Chronic kidney disease often cannot be cured. Treatment usually focuses on trying to prevent the condition from getting worse, by keeping diabetes and high blood pressure under control.

Treatment may include immunosuppressive drugs or steroids.
If the kidneys stop working, treatment options are dialysis (cleansing the blood through artificial means), kidney transplant, or in some cases, palliative or hospice care.

There are two primary methods of dialysis. In hemodialysis, a patient’s blood flows through a machine that removes wastes, and then back into the body. The other form of dialysis is called peritoneal dialysis. A fluid is injected into the abdomen through a catheter; it collects wastes from the blood and is then drained out of the body.

The first successful kidney transplant was done in 1954. In 2010, 28,662 kidney transplants took place in the U.S. Of those, 21,853 kidneys were from deceased donors; the rest were from living donors.

Currently, nearly 90,000 people in the U.S. are waiting for a kidney transplant Kidney disease is very common. In 2010, 20 million people aged 20 and older in the U.S. had chronic kidney disease, more than 10% of adults.

According to the most recent data from the National Insitutes of Health, more than 527,000 people in the U.S. were being treated for end-stage renal disease.e462baca6bbb7dcbfaa1985ef88e97fe

African Americans are four times more likely than whites to develop ESRD. Hispanics are also at higher risk for kidney disease.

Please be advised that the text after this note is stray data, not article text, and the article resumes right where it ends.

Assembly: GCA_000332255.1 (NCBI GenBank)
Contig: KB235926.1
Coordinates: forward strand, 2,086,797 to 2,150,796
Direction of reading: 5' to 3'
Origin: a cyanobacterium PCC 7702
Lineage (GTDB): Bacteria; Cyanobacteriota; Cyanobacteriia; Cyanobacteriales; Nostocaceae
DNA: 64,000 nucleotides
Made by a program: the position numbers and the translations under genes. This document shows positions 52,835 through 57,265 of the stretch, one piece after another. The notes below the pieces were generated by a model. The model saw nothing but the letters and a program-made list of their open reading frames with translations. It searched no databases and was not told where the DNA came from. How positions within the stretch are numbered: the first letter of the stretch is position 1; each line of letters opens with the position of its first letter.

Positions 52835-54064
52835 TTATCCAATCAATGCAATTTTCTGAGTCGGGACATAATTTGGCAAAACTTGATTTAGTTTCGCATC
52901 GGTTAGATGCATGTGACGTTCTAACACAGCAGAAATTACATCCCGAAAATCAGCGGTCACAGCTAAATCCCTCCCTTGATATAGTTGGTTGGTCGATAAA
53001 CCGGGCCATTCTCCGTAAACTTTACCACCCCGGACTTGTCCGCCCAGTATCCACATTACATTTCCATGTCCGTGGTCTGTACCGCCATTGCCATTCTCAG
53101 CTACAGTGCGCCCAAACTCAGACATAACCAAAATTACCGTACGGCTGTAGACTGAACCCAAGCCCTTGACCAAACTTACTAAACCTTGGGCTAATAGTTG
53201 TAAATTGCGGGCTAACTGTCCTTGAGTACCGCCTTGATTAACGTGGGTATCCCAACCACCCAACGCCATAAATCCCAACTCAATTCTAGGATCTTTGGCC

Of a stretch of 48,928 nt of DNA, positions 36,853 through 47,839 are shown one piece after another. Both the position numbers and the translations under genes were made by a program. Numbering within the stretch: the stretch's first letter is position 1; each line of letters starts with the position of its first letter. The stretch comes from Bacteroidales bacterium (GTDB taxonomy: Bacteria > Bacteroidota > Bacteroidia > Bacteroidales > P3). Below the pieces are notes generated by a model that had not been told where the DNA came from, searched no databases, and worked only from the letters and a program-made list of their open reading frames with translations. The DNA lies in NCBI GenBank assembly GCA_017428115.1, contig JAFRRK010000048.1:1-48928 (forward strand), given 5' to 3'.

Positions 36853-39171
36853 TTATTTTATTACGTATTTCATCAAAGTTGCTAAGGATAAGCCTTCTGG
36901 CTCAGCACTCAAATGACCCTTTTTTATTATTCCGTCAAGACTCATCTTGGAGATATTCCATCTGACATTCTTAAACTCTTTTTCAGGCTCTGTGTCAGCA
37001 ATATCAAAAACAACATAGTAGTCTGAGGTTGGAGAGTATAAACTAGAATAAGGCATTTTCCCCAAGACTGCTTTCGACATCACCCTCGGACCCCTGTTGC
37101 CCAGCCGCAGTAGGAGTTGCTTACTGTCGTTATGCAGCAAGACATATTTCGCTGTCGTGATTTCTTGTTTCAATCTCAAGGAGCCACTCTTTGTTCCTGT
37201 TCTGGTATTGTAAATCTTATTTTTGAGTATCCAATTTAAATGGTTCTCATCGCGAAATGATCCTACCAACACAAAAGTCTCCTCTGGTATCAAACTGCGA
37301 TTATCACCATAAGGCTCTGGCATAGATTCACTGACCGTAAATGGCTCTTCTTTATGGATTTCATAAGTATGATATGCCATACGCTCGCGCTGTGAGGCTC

People who have diabetes or hypertension are at a higher than average risk of developing CKD. Other factors that put someone at higher risk of CKD include high cholesterol, obesity, a family history of the disease, and cardiovascular disease.

In 2011, about 70,000 people will develop kidney cancer, and 13,120 .

In early stages, kidney disease often has no symptoms, so many people are unaware they have it. Later on, symptoms may include frequent urination, fatigue, loss of appetite, nausea and vomiting, swollen hands or feet, itchiness, dark skin, muscle cramps and trouble concentrating.

Chronic kidney disease often cannot be cured. Treatment usually focuses on trying to prevent the condition from getting worse, by keeping diabetes and high blood pressure under control.

Treatment may include immunosuppressive drugs or steroids.
If the kidneys stop working, treatment options are dialysis (cleansing the blood through artificial means), kidney transplant, or in some cases, palliative or hospice care.

There are two primary methods of dialysis. In hemodialysis, a patient’s blood flows through a machine that removes wastes, and then back into the body. The other form of dialysis is called peritoneal dialysis. A fluid is injected into the abdomen through a catheter; it collects wastes from the blood and is then drained out of the body.

The first successful kidney transplant was done in 1954. In 2010, 28,662 kidney transplants took place in the U.S. Of those, 21,853 kidneys were from deceased donors; the rest were from living donors.

Currently, nearly 90,000 people in the U.S. are waiting for a kidney transplant

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  1. #1 by Venus on March 17, 2013 - 4:24 am

    Very informative Audrey! You’re better than most people when it comes to not being mad at God for their health issues. Some people are just straight bitter about it but not you! I commend you for opening up and telling people about your experience w/ chronic kidney failure. I also commend you on raising awareness about it. You are radical girl! Love you! ~Venus